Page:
This compares to 88% for Pfizer.
Both vaccines offer greater protection against severe disease. Two doses of AstraZeneca reduces your chance of needing to be hospitalised with COVID-19 by 92%, while for Pfizer it’s 96%, compared with someone who wasn’t vaccianted.
Overall, contact tracing data shows one dose of either AstraZeneca or Pfizer vaccine can prevent disease from spreading to members in the same household by around 50%.
Today the New South Wales health minister revealed that of the 30 people at a Hoxton Park house party, 24 returned a positive COVID test. While you can still get COVID-19 when you’re vaccinated (generally a milder form), in this case, the six who have so far tested negative had all been vaccinated.
What about blood clots following second dose?
Thrombosis with thrombocytopenia syndrome (TTS) is a rare clotting condition that can occur after AstraZeneca vaccination because of an abnormal immune response.
The risk of TTS is smaller following the second dose of AstraZeneca than the first dose.
Of the nearly 16 million people who received the second dose of AstraZeneca in the UK, 23 developed TTS, a rate of 1.5 per million people vaccinated. This compares with 14.2 per million for a first dose.
The risk of death from TTS is further reduced. If you received your first dose of AZ vaccine without developing TTS, you are even less likely to get it with the second dose.
That’s why health authorities recommend people who safely received their first dose of AstraZeneca vaccine have their second dose and protect themselves optimally.
Can I get the Pfizer vaccine for my second dose instead?
But while this is encouraging, we don’t have clear evidence that mixing vaccines will protect against COVID-19.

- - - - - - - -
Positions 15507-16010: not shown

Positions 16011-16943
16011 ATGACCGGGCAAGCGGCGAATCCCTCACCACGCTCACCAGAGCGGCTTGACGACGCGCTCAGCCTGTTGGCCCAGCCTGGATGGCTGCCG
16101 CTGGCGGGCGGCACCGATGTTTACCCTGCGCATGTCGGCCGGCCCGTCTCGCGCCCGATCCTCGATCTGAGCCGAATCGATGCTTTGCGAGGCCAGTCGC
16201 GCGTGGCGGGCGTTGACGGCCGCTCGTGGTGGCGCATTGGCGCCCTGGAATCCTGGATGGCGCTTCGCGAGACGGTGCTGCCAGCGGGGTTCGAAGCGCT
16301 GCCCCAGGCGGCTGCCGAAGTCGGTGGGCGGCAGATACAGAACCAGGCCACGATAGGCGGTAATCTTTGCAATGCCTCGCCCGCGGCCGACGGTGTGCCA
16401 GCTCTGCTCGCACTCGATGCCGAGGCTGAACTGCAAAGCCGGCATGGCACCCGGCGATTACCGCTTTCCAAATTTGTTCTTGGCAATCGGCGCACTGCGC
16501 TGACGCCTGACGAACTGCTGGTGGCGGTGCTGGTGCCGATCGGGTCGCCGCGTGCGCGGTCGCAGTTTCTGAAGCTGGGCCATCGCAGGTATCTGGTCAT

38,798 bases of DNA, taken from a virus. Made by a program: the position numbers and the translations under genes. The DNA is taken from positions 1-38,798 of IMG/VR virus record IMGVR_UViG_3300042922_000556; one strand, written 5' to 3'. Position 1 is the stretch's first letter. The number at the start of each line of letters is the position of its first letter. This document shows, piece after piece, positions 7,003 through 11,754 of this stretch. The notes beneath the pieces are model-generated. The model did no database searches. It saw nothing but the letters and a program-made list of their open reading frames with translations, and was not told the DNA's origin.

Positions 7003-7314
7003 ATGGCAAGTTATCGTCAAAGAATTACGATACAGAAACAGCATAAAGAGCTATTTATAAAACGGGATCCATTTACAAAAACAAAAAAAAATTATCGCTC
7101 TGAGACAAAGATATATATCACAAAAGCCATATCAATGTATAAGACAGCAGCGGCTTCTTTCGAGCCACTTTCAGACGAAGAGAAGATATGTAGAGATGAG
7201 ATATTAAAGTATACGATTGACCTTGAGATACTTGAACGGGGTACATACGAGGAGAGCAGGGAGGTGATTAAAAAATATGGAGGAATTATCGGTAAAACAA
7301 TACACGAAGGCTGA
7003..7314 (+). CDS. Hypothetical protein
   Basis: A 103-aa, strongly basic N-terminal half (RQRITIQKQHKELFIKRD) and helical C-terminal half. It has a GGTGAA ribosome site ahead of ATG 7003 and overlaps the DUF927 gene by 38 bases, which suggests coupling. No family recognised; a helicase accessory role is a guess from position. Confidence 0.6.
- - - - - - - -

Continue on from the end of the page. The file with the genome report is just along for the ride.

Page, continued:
Mixing vaccine brands also increased common side effects including reactions such as headaches, fever, body aches and tiredness.
It’s possible that as more information becomes available from ongoing studies using AstraZeneca, Pfizer, Moderna and Novavax vaccines, the advice of mixing vaccines may eventually change.
But until more real-world data on vaccine safety and effectiveness are available, the advice in Australia is for people to receive two doses of the same vaccine.
The goal is full vaccination
The best way out of this pandemic is to ensure everyone is vaccinated as quickly as possible. Full protection kicks in about two weeks after completing vaccination.
While one dose offers some protection, it’s not as high as two doses. And we don’t know how long the protection from one dose will last.
Right now, a second dose of AstraZeneca vaccine is ready and waiting for everyone who had their first dose 12 weeks ago. So if you’re eligible, get both doses of the vaccine brand available to you, rather than settling for second-best and incomplete protection.
Meru Sheel, Epidemiologist | Senior Research Fellow, Australian National University; Cyra Patel, PhD candidate, Australian National University, and David Tscharke, Professor in Immunology and Infectious Diseases, Australian National University